Intranasal telmisartan ameliorates brain pathology in five familial Alzheimer’s disease mice Academic Article uri icon


  • The renin-angiotensin system (RAS) is a major circulative system engaged in homeostasis modulation. Angiotensin II (Ang II) serves as its main effector hormone upon binding to its primary receptor, Ang II receptor type 1 (AT1R). It is well established that an intrinsic independent brain RAS exists. Abnormal AT1R activation both in the periphery and in the brain probably contributes to the development of Alzheimer’s disease (AD) pathology that is characterized, among others, by brain inflammation. Moreover, treatment with drugs that block AT1R (AT1R blockers, ARBs) ameliorates most of the clinical risk factors leading to AD. Previously we showed that short period of intranasal treatment with telmisartan (a brain penetrating ARB) reduced brain inflammation and ameliorated amyloid burden (a component of Alzheimer’s plaques) in AD transgenic mouse model. In the present study, we aimed to examine the long-term effect of intranasally administrated telmisartan on brain inflammation features including microglial activation, astrogliosis, neuronal loss and hippocampus-dependent cognition in five-familial AD mouse model (5XFAD). Five month of intranasal treatment with telmisartan significantly reduced amyloid burden in the cortex and hippocampus of 5XFAD mice as compared with the vehicle-treated 5XFAD group. Similar effects were also observed for CD11b staining, which is a marker for microglial accumulation. Telmisartan also significantly reduced astrogliosis and neuronal loss in the cortex of 5XFAD mice compared with the vehicle-treated group. Improved spatial acquisition of the 5XFAD mice following long-term intranasal administration of telmisartan was also observed. Taken together, our data suggest a significant role for AT1R blockage in mediating neuronal loss and cognitive behavior, possibly through regulation of amyloid burden and glial inflammation.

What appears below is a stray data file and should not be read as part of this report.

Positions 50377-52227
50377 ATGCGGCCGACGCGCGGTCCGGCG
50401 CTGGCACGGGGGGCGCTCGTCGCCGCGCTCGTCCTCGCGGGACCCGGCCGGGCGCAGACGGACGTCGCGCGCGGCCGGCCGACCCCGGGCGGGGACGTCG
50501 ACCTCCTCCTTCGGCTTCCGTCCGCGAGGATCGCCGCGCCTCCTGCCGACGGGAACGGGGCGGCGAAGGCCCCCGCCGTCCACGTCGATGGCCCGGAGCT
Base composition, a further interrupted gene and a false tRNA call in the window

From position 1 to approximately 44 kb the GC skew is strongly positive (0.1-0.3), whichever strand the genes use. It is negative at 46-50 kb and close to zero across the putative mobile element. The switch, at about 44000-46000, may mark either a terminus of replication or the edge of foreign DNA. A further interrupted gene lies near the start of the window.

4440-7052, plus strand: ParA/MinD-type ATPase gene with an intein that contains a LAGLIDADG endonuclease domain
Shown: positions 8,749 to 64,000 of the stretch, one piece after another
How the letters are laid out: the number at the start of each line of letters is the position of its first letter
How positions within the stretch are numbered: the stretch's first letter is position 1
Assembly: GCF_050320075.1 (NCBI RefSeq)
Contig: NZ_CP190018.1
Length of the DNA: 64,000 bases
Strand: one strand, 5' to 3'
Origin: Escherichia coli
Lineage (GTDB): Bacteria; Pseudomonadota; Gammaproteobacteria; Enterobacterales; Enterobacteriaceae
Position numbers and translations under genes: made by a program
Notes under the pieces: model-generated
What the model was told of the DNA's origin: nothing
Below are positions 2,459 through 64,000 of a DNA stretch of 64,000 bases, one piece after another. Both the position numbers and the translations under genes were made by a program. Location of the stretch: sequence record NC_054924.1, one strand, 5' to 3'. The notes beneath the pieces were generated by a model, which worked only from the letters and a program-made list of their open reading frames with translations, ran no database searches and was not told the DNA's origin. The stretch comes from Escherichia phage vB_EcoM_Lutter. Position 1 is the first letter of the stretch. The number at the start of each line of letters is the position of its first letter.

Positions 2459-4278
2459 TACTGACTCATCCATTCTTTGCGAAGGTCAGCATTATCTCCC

publication date

  • August 1, 2017